Arria-Formula Meeting on Victims of Chemical Weapons Attacks in Syria
The US has arranged a closed Arria-formula meeting tomorrow morning (16 April) for Council members to hear first-hand accounts of chemical weapons attacks in Syria. Council members will be briefed by a Syrian doctor who treated victims of the 16 March attack in Sarmin; Dr. Zaher Sahloul, who heads the Syrian American Medical Society that supports several field hospitals that received victims of chlorine bomb attacks around Idlib in March; and Qusai Zakarya, a survivor of the 21 August 2013 chemical weapons attack in Ghouta, outside Damascus—which reportedly killed hundreds and prompted the Council to adopt resolution 2118 on the destruction of Syria’s chemical weapons stockpile.
During the 2 April consultations on Syria’s chemical weapons, several Council members expressed interest in learning more about the recent chemical weapons attacks around Idlib. The first of this particular series of alleged chlorine bomb attacks occurred on 16 March in Sarmin just ten days after the Council adopted resolution 2209, which condemned the use of toxic chemicals such as chlorine and threatened sanctions. Hospitals supported by the Syrian American Medical Society have reported five instances of chlorine bomb attacks between 16 and 26 March and Human Rights Watch has reported on seven attacks in a similar time period between 16 and 31 March. All of these chemical weapons attacks were allegedly carried out via government helicopters barrel bombing opposition-controlled territory during a major clash over control of Idlib—a city located on the main highway linking Aleppo and Damascus. The countryside surrounding Idlib has been in opposition hands for some time, and by 28 March a coalition of rebel groups, including Al-Nusra Front, captured the city of Idlib from government forces.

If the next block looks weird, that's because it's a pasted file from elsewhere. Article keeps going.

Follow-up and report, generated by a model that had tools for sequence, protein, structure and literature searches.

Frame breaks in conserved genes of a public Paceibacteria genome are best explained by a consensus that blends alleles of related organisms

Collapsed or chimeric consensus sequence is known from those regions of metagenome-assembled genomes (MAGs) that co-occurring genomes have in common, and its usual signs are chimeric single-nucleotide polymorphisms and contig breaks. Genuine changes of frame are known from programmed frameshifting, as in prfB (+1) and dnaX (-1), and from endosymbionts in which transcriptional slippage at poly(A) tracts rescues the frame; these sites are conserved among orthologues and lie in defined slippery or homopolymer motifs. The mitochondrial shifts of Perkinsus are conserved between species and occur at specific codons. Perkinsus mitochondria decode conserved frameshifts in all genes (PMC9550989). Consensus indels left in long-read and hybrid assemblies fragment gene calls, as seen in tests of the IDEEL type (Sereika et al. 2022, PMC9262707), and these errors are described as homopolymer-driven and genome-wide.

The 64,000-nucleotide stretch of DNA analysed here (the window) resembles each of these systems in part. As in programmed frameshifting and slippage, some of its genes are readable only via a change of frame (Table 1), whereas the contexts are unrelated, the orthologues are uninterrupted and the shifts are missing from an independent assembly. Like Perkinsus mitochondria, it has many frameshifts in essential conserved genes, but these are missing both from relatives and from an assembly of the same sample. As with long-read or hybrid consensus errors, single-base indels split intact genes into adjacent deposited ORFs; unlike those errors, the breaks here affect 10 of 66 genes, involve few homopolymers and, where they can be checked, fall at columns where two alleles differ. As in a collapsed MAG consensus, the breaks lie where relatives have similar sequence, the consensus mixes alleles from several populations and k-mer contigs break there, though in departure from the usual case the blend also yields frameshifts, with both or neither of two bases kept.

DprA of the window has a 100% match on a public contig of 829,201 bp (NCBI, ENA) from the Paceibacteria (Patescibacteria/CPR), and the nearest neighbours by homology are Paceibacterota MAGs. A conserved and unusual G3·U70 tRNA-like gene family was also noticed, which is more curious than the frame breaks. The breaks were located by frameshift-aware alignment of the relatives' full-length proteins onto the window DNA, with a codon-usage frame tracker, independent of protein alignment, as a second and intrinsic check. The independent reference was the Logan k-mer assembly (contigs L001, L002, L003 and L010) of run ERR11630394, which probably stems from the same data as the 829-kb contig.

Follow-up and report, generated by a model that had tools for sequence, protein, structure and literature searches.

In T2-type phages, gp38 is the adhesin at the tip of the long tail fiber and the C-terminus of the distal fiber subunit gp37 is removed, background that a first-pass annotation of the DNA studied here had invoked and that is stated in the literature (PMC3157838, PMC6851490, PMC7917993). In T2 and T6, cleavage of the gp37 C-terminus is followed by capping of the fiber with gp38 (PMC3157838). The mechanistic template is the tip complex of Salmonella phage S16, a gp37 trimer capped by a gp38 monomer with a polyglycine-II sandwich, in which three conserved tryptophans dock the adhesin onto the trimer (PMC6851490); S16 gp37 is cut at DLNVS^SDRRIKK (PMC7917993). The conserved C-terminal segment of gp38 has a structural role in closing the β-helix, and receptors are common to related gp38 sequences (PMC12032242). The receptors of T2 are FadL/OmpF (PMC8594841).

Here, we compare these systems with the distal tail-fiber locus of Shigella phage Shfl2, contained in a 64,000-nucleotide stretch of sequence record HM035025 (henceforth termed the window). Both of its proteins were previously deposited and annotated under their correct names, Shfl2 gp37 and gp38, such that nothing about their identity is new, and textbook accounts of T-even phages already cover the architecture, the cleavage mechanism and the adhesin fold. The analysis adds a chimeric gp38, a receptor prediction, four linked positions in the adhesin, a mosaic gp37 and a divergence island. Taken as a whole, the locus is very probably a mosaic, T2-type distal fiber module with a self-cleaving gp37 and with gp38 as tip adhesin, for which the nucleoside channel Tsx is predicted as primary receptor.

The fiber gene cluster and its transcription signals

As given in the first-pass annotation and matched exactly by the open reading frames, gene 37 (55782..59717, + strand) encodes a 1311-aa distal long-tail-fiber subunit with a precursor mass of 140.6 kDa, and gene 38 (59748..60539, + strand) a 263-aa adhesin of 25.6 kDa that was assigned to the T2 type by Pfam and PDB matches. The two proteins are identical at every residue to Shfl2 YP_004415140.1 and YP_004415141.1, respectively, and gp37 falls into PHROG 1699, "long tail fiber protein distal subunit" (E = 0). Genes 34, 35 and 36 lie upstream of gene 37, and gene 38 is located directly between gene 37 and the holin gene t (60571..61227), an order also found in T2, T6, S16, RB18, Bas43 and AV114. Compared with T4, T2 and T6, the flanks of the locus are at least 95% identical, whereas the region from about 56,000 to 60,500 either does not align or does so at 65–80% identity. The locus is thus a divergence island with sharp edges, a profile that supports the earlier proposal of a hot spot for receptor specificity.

If the alleged attacks are substantiated, they would be violations of resolutions 2118 and 2209 that threatened further measures for non-compliance. However, the US—the Council member most likely to initiate any response to the government’s use of chlorine bombs—has not yet introduced any concrete Council follow-up. Several Council members doubt there will be any such initiative until the fact-finding mission of the Organization for the Prohibition of Chemical Weapons completes its investigation. Currently, the fact-finding mission plans to examine the March attacks as well as the government’s December 2014 claim that rebels had used chlorine in several incidents. The time-line of when the fact-finding mission’s findings may reach the Council is unclear, and many Council members view tomorrow’s Arria-formula meeting as a way to remain engaged on the issue in the interim.
Looking ahead, Under-Secretary-General for Humanitarian Affairs Valerie Amos, High Commissioner for Refugees António Guterres and Ertharin Cousin, who heads the UN World Food Programme, will brief the Council at a 24 April ministerial-level meeting on the humanitarian situation in Syria. At that session, it seems likely that the Council will adopt a presidential statement focused on the refugee crisis and the humanitarian impact on neighboring countries. On the political track, Special Envoy for Syria Staffan de Mistura will brief that same afternoon on his plans to revive the Geneva process towards a negotiated political transition.